[Design] 0.7 Planning (Reframing the issue.)
twl at osafoundation.org
Fri Dec 2 14:46:18 PST 2005
On Dec 2, 2005, at 8:35 AM, Mimi Yin wrote:
> I'd like to take a minute to reframe this discussion.
> Instead of trying to evaluate whether free-busy or pda sync or
> invitations are more or less important than the others.
> Could we instead try and come up with user populations and usage
> scenarios and talk about whether there are any that either:
> 1. Use Chandler even if it did NOT have these features OR
> 2. Only use Chandler if it DID have these features
> Especially in the context of the many things that are unique to
> - Free, read-write sharing
> - Cross-platform
> - Standards based
> How will these features change the way people use calendars, what
> they use it for and how they use it?
> Can we think outside of the traditional office environment?
> 1. How would a small art gallery use it to coordinate front-desk
Have a calendar for the front desk shift, allow individuals to create
entries on it. The coordination part is the horse trading of -- I
can only work these times, or these are the times that I can work in
priority order. I guess you could imagine a system where everybody
put in their preferences and the program tried to accomodate them,
and then put people in conflicting schedules in contact with each
other to horse trade, etc. I could see that being able to quickly e-
mail/IM the creator of a particular entry would be valuable for horse-
> 2. How would a photographer's studio use it to coordinate
> scheduling equipment, traveling and client jobs?
It seems that you need to schedule all of these things together. If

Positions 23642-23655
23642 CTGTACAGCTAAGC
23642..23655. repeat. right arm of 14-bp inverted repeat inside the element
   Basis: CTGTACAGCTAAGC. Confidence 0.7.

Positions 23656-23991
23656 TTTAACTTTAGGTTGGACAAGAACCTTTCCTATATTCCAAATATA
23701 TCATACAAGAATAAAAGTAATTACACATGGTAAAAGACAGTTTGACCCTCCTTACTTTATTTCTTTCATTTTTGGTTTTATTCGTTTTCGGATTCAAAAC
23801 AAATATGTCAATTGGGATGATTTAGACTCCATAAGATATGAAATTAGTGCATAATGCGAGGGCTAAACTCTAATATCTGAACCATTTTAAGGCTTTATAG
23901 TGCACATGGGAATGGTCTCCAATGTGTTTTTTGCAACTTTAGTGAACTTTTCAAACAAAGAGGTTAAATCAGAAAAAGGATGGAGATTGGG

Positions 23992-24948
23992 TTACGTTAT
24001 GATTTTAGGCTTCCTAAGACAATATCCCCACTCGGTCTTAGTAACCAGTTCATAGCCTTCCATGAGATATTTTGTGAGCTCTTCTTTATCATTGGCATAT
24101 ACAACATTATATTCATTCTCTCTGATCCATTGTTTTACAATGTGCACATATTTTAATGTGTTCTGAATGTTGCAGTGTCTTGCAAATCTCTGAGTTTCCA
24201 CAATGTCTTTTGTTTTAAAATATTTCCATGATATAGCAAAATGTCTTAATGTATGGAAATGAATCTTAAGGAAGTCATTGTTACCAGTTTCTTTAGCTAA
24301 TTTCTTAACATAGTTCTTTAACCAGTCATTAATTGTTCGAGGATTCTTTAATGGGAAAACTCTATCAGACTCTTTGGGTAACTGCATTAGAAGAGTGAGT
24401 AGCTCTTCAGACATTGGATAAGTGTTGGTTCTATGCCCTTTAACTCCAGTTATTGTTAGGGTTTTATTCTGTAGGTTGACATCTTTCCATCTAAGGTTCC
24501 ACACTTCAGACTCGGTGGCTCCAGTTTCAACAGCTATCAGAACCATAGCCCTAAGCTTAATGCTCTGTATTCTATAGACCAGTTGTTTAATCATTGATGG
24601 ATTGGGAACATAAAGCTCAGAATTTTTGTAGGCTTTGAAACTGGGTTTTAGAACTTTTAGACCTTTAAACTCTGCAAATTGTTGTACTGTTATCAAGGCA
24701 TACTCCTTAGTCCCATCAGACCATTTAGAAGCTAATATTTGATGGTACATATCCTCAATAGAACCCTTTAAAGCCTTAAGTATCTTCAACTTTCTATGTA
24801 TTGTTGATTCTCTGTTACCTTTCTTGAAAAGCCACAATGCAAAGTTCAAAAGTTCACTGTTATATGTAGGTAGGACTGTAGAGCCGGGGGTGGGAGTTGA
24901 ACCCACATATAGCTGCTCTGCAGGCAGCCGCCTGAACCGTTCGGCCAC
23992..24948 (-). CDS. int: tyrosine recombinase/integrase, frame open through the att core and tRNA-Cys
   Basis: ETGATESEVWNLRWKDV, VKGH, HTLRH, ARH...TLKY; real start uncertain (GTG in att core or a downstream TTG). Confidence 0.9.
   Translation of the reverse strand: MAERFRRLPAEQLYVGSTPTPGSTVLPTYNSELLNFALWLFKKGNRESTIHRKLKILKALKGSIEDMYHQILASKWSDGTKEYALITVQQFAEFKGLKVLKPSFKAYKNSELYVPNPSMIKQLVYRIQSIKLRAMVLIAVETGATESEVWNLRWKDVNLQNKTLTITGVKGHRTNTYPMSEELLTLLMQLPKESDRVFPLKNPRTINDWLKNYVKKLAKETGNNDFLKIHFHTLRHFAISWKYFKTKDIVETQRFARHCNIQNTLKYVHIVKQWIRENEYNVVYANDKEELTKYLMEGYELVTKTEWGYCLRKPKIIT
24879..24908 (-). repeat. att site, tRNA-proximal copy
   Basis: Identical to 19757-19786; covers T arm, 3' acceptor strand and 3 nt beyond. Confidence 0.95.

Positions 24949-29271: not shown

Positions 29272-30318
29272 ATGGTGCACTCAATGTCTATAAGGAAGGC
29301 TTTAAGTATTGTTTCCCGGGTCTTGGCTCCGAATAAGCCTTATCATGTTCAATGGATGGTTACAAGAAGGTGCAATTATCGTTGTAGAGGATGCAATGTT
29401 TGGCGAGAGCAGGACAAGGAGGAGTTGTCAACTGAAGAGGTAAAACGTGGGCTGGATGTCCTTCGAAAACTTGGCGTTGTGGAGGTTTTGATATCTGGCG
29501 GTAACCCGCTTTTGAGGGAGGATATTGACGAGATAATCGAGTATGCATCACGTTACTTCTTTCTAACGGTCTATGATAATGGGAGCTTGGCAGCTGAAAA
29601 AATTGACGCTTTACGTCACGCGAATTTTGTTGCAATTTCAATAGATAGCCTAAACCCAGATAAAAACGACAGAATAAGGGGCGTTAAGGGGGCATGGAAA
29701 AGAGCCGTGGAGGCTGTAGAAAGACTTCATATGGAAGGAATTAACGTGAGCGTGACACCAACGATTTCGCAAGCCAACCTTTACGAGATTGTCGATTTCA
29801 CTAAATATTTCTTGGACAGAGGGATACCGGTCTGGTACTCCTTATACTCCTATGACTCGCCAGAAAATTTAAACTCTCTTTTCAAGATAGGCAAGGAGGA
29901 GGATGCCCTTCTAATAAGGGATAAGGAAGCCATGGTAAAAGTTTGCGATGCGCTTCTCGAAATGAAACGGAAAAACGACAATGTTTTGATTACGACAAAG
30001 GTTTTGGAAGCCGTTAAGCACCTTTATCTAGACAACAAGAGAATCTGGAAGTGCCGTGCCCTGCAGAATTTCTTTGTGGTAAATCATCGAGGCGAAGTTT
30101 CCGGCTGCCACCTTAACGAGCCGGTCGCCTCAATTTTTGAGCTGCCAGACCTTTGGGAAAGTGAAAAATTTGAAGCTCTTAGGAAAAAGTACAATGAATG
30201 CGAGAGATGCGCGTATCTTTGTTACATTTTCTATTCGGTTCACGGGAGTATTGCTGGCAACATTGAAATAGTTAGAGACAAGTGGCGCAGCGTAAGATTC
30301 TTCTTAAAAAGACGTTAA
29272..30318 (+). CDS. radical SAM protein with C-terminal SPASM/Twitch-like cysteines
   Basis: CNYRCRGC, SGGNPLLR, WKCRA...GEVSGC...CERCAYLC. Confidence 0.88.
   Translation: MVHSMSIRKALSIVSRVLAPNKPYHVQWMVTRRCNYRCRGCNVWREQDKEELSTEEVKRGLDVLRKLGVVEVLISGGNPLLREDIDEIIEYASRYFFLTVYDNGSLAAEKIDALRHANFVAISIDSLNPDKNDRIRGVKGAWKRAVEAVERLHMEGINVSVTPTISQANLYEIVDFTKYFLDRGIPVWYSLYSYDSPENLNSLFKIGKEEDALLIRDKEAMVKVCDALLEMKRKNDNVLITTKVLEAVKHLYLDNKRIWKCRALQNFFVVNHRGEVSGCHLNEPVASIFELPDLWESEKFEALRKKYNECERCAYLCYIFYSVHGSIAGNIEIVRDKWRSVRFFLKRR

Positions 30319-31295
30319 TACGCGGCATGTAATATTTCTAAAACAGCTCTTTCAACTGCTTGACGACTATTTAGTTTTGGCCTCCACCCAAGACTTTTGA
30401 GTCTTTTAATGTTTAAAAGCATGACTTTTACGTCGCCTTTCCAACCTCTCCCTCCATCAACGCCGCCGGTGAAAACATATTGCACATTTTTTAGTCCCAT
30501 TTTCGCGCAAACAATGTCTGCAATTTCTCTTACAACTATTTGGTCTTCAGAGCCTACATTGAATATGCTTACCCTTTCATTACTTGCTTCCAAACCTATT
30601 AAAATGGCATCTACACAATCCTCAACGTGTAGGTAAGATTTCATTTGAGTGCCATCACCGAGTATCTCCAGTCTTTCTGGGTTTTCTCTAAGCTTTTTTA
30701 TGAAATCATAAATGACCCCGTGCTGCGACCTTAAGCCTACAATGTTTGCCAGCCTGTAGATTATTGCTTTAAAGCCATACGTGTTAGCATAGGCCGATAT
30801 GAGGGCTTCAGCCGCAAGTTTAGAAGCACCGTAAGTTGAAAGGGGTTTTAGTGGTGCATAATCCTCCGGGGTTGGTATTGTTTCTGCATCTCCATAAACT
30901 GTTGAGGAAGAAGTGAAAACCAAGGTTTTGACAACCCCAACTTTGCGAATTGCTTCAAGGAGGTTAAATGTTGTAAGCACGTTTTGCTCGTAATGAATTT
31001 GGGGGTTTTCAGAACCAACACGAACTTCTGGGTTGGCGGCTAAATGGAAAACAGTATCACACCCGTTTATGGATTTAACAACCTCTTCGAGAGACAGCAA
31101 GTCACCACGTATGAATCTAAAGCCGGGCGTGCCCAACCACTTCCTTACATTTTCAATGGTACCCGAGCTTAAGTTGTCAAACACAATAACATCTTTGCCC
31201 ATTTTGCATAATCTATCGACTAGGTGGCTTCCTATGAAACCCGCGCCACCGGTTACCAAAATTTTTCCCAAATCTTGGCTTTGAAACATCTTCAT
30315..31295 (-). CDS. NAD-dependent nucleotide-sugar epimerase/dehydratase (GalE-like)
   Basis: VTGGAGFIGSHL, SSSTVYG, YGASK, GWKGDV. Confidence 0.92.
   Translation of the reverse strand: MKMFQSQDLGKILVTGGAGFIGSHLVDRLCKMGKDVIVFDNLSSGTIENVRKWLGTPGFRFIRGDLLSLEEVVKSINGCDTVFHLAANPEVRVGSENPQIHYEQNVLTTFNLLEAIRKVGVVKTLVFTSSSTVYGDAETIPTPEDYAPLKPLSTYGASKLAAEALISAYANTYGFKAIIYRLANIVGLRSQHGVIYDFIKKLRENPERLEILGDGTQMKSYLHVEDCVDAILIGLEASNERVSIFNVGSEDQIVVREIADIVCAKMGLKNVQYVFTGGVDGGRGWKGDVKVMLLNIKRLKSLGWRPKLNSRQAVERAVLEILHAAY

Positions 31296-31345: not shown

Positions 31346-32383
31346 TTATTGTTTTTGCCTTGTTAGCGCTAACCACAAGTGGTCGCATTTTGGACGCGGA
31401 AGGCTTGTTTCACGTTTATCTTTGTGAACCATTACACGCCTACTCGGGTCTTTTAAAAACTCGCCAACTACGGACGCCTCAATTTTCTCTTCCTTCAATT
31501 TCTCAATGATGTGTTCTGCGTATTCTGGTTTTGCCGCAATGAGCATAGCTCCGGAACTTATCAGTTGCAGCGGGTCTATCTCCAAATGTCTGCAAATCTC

you are travelling to a client site, you probably need certain
equipment. So maybe a workflow is that you create a client job, see
if that involves travelling (somehow linking/manipulating the travel
calendar), and indicating which equipment is needed (from a bunch of
calendars for the various pieces of equipment). So I'd think you'd
want to be able to see all the various calendars involved at once
(there might be a lot). This seems like a case that has pretty
serious constraints amongst the calendars, at least if you want to do
"I need to do a shoot at Jones' in Indiana before Dec 14, 2005, and I
need this camera, those lenses, these lights, and those batteries.
Now tell me when I can go".
> 3. How would a family use it to keep track of vacations, school
> holidays, doctor's appointments and school activities?
We are actually doing this at home now via iCal and a behind the
firewall webdav server. I have a calendar and Julie has a calendar.
We both subscribe to each other's calendars and to the OSAF office
calendar (so she knows my meeting schedule). I also subscribe to a
few other calendars. If our kids were in school, I would want to
have a calendar of school events/holidays that I could subscribe to.
It's not hard to imagine that at some point, each child will have
their own calendar. You can go quite far just being able to overlay
calendars, because you can see when there are conflicts.
Coordinating events has the flavor of: "We want to do x together"
when can we do it. Right now that's a manual process, which we
usually coordinate either verbally or via e-mail. We also have
events that we do with groups of friends and it would be great to be
able to coordinate with them. It is annoying to have things like
evites, which live outside of the calendar world, because it means